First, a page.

Business

Children's Mutual stops some new Child Trust Fund business

Child putting money in piggy bank
Image caption The Children's Mutual is currently considering its options

One of the largest providers of child trust funds has stopped taking new business on all but its most basic CTF accounts.

The Children's Mutual has stopped opening with profits, growing up bond and non-stakeholder child trust funds.

The standard stakeholder child trust funds are still open for new business.

They track the prices of shares sold on the stock exchange.

Funding cuts

The move will not affect existing customers, whose accounts will continue to run until their child turns 18.

The decision came after the government announced it would cut the payments into Child Trust Funds next month and stop new ones opening from January.

From 1 August, payments at birth will be reduced from £250 to £50 for most families, and £500 to £100 for families with an annual household income of less than £16,190. Payments when children reach the age of seven will stop.

No new Child Trust Funds will be opened for children from 1 January 2011.

Radical changes

The Children's Mutual says it will reconsider its position in two months.

Its chief executive David White told Radio 4's Money Box programme although the mutual had been expecting changes, they were more dramatic than it had anticipated:

"What we weren't ready for was the rapid and unfortunate way in which the government is dismantling it, in particular introducing vouchers for only £50 between August and the end of the year.

"We're now going to have a black hole for children's savings, we don't know what children's saving are going to look like.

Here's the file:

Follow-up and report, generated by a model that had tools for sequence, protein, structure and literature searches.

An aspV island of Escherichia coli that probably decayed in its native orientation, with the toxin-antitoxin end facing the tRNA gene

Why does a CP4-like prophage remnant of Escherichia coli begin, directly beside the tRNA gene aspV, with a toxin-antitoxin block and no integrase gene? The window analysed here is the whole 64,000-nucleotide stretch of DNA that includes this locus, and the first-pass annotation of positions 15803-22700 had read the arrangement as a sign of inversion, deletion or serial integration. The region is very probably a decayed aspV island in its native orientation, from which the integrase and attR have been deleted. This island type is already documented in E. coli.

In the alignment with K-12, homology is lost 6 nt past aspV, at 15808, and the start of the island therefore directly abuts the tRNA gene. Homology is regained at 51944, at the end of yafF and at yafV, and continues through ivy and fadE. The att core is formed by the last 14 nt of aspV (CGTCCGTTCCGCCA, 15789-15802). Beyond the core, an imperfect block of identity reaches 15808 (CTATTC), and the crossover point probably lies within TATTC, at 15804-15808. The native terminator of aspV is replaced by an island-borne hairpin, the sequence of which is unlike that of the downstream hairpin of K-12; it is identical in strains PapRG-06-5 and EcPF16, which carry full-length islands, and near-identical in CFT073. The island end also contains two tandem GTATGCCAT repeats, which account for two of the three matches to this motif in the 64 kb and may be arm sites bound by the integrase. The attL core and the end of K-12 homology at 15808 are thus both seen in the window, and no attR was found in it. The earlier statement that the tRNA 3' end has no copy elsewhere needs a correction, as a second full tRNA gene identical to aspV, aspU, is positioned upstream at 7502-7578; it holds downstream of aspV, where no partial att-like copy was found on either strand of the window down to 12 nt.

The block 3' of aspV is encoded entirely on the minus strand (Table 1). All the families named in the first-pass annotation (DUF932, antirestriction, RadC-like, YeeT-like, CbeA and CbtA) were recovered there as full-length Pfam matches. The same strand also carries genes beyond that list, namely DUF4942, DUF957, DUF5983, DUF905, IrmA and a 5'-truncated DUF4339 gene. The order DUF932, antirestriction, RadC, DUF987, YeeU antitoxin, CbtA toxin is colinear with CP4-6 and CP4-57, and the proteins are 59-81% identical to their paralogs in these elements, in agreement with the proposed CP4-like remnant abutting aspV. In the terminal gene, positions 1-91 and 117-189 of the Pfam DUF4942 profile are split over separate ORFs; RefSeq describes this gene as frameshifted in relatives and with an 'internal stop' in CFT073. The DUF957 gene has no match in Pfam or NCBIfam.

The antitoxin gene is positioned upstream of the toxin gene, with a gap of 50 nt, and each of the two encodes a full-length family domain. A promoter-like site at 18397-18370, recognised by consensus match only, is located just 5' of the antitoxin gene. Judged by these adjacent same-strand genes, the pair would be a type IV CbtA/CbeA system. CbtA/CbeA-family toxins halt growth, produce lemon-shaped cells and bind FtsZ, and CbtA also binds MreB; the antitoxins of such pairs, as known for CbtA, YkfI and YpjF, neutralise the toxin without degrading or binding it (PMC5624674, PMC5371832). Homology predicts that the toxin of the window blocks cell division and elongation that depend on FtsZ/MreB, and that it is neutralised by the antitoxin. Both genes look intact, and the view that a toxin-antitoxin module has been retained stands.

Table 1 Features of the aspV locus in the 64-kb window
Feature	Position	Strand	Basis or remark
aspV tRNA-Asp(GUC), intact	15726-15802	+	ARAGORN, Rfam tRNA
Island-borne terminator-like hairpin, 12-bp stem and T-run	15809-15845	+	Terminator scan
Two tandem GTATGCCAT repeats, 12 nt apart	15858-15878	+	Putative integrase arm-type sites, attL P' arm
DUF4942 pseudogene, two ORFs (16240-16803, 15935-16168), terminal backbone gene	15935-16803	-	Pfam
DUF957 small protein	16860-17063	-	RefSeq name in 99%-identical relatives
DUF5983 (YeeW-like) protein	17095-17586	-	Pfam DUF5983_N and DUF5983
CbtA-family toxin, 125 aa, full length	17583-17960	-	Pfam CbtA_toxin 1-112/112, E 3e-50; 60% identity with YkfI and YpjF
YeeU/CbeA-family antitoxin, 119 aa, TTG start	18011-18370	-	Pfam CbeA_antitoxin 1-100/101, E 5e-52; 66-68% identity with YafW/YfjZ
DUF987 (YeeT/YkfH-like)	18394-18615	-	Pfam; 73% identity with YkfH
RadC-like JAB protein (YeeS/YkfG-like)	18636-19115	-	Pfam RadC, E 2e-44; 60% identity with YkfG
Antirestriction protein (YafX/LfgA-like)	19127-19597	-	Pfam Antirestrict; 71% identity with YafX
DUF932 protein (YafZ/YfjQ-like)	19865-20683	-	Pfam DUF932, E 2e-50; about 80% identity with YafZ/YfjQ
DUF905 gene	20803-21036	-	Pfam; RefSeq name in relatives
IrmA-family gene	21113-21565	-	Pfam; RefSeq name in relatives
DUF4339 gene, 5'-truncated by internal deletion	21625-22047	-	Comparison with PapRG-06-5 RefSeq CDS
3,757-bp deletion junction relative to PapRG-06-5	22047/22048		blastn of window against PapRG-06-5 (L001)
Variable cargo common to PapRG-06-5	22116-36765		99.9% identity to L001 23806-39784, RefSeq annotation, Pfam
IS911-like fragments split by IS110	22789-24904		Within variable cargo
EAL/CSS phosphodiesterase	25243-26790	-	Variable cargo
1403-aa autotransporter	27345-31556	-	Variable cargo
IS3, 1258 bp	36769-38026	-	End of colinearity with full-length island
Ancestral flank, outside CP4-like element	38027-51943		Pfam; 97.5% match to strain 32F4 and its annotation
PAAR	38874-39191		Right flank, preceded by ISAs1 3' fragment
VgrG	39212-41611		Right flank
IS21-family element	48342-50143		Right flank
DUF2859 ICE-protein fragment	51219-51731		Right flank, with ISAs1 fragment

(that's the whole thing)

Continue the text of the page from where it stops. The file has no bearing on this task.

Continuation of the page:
"When we've worked out what we think the government is going to do, what we think the right plans are for the future, then we'll start spending money on sales and marketing activity again."

Customers reassured

He added that the money invested by existing customers was safe:

"We've had floods of calls into our call centres because the million customers we have worry their existing child trust fund is going to be scrapped.

"This is a good opportunity to reassure them that that money can be used, in fact they may end up having something which is unique for their children."

At present, the government provides a £250 voucher in the child's first year and the same amount again when a child reaches the age of seven, to be invested on the child's behalf until he or she turns 18.

If the child is born into a family where the annual household income is £16,190 or less, then the initial payment is £500.

Call for action

Parents, family and friends can contribute up to £1,200 a year to the account, with no tax to pay on any income or gains in the account. This money is often invested in shares.

David White said there was still action the government can take to encourage a savings culture in preparation for when their children come of age.

"We're pressing the government to essentially fill the black hole. The most sensible thing to do would be to use the existing infrastructure by and make the most of it by keeping voluntary contributions open. Give people a nudge, it's a nudge that works," he said.

Asked if the Children's Mutual would survive the demise of Child Trust Funds, David White said it would make the necessary changes:

"We've got to decide what new products we put on the market to help what will be a smaller market."

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